If you are treating the contract as at an end on the grounds of repudiatory breach you should be careful not also to exercise rights under the contract in such a way as to be inconsistent with your election. This can include (counter-intuitive as it may be) termination rights under the contract. Otherwise, the court may hold you as having affirmed the contract and having lost the right to terminate at common law. If you only then terminate under the contract, the contract may also set out the remedies that apply, and these could be less than would apply at common law on a repudiatory breach. This is a complex area and you may want to take legal advice before terminating to manage the risks specifically in relation to this point, as well as generally if you are concerned about your entitlement to treat the contract as at an end.
What next following acceptance of a repudiatory breach?
From the time the contract is discharged, as a general rule both parties are excused from further performance of the primary obligations under the contract which each had still to perform. However, obligations for the resolution of disputes will remain in full force and effect as may other clauses having a function ancillary or collateral to the subject matter of the contract. Beware that confidentiality provisions, for example, could be lost. Whether a contractual obligation survives is a matter of construction of the contract.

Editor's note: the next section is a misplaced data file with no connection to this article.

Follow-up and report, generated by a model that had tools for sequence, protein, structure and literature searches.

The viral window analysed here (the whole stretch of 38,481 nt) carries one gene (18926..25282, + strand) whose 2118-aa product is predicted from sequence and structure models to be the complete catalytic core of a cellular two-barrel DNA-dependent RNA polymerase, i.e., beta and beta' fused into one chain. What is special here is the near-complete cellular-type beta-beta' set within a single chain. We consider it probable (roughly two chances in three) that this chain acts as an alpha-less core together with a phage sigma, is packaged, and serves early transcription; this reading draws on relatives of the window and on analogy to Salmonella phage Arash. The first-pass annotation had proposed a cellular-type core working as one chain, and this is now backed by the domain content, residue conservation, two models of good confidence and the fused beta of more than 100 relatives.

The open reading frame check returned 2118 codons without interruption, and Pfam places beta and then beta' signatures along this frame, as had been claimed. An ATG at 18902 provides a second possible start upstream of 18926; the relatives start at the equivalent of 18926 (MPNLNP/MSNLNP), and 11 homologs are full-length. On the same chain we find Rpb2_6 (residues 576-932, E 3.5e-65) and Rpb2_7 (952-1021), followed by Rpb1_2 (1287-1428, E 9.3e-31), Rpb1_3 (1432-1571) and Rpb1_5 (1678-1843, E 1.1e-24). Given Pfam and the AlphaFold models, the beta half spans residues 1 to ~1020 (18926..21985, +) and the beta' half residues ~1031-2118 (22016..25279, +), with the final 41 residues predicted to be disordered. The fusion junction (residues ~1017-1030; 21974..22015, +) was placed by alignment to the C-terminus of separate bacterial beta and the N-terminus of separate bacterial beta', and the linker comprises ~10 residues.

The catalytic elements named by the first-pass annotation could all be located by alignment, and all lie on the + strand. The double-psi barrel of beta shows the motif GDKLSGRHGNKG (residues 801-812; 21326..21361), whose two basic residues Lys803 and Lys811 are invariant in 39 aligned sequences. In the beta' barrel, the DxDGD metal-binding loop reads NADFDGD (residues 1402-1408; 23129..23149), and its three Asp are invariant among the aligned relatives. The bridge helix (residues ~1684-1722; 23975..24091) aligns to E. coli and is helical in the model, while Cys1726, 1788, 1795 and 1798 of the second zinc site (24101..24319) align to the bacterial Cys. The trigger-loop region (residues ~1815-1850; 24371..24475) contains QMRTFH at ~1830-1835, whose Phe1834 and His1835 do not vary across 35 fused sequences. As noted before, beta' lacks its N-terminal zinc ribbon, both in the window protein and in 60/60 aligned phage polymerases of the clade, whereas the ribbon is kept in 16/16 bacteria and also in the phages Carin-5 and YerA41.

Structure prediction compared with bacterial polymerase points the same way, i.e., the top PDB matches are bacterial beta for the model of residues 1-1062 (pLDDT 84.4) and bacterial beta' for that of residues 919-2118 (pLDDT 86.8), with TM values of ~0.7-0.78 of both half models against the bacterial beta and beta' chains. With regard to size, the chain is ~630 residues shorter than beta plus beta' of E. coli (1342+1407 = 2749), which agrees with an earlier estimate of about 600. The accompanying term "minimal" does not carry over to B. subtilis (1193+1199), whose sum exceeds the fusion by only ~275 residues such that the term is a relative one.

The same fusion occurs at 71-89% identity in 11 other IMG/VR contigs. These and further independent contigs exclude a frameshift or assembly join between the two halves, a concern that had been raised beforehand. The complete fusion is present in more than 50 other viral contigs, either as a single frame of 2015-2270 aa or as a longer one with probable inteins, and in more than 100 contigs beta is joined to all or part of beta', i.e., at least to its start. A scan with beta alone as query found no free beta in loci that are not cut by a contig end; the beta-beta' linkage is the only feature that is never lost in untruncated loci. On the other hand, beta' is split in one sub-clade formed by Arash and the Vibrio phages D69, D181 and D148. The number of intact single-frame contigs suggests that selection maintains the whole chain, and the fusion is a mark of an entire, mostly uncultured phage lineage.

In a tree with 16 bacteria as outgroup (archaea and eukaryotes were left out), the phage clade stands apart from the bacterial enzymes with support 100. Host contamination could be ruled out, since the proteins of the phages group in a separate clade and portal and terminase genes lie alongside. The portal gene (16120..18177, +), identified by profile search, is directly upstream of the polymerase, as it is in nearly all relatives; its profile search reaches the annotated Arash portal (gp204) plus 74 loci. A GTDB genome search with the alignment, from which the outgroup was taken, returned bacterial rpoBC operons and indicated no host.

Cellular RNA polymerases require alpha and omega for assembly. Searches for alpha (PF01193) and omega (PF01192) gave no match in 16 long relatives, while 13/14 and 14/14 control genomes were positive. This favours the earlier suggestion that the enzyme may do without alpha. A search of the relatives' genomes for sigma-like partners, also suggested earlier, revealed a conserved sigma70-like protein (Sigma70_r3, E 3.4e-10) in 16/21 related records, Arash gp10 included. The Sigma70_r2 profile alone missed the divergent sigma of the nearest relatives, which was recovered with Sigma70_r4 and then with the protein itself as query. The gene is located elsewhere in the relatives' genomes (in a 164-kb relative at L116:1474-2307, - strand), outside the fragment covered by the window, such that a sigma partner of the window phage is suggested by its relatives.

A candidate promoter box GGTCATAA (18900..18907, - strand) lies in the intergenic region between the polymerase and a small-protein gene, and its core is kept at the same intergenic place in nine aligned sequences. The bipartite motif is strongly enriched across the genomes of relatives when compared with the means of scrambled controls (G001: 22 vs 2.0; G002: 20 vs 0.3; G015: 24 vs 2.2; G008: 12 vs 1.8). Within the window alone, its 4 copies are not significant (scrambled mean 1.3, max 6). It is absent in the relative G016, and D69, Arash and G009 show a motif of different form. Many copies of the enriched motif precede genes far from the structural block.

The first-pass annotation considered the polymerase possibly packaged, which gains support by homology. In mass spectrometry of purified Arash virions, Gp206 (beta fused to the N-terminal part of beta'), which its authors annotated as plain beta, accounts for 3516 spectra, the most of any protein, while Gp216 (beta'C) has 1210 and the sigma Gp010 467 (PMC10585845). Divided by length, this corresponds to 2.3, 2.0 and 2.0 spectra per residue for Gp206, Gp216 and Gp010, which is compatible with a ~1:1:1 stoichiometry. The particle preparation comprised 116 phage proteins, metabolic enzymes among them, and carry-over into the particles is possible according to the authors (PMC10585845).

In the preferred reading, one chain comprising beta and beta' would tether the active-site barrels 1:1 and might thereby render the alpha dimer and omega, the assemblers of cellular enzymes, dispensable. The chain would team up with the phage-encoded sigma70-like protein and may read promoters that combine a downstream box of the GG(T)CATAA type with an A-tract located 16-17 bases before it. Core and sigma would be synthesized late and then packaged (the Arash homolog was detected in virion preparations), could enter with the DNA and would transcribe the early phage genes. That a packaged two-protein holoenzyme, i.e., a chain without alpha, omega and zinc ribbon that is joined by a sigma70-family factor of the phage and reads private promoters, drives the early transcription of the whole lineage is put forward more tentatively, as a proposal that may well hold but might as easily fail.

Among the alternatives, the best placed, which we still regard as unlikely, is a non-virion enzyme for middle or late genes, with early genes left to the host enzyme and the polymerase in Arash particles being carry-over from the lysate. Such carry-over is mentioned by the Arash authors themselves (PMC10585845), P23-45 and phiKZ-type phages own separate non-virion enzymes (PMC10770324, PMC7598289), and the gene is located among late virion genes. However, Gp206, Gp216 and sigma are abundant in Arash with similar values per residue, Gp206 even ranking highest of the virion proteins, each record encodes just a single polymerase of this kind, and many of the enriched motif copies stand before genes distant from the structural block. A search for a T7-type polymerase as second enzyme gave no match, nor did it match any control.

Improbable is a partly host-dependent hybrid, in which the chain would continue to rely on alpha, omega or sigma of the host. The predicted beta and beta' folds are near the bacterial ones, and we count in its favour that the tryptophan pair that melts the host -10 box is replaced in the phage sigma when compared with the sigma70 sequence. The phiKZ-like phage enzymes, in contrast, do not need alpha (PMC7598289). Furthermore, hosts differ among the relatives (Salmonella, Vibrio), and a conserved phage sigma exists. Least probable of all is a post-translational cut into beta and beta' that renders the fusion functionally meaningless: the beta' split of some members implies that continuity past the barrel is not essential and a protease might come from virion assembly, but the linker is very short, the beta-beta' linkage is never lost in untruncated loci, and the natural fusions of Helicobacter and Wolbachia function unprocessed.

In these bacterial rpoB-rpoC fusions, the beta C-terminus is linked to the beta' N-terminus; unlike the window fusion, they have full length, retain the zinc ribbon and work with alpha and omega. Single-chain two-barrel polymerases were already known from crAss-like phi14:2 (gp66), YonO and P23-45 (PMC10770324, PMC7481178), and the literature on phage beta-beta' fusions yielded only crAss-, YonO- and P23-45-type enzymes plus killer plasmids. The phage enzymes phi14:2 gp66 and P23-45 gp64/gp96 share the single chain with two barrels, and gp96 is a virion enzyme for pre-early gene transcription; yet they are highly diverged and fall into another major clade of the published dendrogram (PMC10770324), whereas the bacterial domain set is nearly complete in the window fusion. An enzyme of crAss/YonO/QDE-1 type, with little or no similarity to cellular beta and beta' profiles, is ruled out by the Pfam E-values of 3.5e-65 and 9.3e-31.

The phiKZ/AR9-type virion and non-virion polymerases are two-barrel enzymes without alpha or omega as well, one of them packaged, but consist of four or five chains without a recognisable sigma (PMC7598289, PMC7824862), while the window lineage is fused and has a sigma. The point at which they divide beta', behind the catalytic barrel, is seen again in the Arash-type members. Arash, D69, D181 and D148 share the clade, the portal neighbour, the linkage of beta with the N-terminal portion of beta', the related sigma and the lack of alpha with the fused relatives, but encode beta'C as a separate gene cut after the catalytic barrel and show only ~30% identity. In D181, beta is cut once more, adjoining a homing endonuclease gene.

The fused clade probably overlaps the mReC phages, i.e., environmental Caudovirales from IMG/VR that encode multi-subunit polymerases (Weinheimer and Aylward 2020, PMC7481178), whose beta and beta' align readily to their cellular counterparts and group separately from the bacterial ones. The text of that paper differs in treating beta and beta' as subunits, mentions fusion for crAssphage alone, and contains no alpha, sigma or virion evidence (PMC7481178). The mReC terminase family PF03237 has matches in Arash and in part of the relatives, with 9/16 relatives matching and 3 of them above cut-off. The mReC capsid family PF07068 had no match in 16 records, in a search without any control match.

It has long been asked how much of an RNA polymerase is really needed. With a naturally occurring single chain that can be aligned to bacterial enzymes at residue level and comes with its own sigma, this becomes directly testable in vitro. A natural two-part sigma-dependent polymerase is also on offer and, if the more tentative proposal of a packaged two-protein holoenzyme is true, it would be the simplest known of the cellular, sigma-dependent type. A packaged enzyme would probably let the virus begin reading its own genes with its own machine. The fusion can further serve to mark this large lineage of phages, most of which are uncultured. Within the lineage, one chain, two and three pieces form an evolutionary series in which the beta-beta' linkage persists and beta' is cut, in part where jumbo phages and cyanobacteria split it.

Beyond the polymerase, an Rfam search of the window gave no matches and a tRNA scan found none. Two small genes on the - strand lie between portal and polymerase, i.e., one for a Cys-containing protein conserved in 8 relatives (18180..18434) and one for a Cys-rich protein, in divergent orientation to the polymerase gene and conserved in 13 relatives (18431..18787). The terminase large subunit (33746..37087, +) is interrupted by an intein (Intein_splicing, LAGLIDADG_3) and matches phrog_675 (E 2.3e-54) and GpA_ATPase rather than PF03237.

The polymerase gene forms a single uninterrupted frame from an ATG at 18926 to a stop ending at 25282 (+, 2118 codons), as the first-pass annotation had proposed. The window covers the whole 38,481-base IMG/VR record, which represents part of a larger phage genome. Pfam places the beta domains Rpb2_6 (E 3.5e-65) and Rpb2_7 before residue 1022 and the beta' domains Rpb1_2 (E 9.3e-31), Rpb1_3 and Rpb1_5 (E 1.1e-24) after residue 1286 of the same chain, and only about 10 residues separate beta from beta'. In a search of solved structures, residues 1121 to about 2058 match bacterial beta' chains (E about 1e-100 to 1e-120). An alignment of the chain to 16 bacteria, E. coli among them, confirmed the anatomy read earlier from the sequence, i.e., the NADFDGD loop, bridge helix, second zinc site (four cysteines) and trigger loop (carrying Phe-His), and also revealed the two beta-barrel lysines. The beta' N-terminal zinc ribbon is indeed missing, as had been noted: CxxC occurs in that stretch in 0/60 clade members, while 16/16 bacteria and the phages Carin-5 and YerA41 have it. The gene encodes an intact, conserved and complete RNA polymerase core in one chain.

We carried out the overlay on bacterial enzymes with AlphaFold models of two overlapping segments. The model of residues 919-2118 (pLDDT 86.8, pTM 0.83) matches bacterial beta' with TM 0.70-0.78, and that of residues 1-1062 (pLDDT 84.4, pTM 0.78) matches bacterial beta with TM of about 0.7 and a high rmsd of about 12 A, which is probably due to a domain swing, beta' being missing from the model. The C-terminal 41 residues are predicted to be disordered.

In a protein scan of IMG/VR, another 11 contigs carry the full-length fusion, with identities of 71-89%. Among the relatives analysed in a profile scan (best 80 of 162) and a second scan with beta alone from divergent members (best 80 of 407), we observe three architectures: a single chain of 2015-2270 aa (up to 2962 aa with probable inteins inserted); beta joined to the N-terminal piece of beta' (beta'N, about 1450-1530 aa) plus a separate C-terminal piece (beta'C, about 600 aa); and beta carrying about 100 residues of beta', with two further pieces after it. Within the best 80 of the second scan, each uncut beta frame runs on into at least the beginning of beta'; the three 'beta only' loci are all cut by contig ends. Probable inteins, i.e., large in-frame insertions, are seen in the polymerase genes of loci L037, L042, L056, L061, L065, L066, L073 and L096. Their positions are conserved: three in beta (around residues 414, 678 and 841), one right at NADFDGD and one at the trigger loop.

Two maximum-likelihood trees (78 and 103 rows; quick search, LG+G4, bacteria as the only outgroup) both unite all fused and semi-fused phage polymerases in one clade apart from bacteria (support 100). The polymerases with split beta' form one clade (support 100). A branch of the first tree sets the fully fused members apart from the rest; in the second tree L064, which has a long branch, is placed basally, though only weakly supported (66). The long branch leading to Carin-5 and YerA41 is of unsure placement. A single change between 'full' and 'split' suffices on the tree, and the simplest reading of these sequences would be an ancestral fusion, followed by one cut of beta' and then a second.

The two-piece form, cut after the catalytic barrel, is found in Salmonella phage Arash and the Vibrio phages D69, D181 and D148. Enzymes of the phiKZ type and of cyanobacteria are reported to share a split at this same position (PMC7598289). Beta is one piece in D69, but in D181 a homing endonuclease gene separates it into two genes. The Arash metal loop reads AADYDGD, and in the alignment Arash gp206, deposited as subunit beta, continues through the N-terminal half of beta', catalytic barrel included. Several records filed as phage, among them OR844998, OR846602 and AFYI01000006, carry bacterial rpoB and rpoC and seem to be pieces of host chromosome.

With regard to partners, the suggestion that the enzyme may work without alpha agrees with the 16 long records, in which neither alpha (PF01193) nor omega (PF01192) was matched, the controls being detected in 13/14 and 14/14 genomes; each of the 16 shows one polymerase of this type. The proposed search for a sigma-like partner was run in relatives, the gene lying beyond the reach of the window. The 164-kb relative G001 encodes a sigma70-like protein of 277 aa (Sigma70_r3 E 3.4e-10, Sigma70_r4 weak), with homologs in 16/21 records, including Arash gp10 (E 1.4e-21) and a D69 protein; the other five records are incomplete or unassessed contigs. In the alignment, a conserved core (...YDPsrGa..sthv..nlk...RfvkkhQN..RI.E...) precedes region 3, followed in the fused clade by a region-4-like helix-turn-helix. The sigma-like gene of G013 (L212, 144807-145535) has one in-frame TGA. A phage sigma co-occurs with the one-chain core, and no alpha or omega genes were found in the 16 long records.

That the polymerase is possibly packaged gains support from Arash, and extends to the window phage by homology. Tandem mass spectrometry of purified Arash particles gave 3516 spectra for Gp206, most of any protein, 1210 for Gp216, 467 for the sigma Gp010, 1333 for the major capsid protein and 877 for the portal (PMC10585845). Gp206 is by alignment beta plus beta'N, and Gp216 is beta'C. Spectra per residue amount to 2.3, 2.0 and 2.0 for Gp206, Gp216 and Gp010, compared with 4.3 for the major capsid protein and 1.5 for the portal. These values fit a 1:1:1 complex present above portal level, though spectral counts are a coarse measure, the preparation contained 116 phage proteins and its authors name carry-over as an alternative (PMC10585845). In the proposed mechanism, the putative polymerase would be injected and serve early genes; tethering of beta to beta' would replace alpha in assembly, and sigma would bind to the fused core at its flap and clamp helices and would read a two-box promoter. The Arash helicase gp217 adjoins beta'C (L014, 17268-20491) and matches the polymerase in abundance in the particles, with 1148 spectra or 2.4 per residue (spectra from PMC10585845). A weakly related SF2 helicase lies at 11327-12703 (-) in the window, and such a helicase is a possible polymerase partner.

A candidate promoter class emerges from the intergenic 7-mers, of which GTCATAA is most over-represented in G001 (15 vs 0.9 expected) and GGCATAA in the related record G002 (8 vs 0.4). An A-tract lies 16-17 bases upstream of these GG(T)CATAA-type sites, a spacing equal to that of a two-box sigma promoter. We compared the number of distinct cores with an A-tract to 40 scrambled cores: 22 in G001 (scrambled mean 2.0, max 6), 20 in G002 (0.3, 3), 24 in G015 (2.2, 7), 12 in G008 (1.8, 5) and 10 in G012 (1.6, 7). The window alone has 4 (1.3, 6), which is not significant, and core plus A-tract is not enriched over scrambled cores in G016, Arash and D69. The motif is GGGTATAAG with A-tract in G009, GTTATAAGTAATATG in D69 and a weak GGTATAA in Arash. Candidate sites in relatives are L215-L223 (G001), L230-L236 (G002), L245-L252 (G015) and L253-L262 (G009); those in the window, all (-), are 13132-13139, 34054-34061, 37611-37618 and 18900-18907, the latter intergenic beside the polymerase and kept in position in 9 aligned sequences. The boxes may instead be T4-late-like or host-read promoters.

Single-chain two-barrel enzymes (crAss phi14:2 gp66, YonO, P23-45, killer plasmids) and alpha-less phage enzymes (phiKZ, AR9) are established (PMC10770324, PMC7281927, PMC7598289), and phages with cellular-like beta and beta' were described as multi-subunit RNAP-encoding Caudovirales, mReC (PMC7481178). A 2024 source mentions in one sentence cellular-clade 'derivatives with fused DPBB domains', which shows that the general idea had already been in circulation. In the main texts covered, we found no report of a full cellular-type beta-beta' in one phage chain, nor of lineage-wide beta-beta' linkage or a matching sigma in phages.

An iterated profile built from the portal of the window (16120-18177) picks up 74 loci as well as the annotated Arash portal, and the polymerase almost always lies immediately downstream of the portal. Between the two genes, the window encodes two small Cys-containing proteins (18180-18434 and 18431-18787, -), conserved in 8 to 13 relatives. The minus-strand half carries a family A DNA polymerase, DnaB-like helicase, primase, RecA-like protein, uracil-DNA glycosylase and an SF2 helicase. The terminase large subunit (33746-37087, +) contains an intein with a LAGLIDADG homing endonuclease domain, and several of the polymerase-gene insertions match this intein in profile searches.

If you accept a repudiatory breach you are entitled to claim "loss of bargain" damages. That means you can recover damages to compensate you both for loss suffered in consequence of those breaches which preceded your acceptance of the repudiation and for the loss of your opportunity to receive performance of the other party's outstanding obligations under the contract (which will include, absent a valid exclusion clause otherwise, lost profits on the contract). This is worth noting as this can entitle you to claim a greater sum than if you exercise a contractual right to terminate. However, accepting a repudiatory breach does not alter your obligation to take reasonable steps to mitigate the loss to you.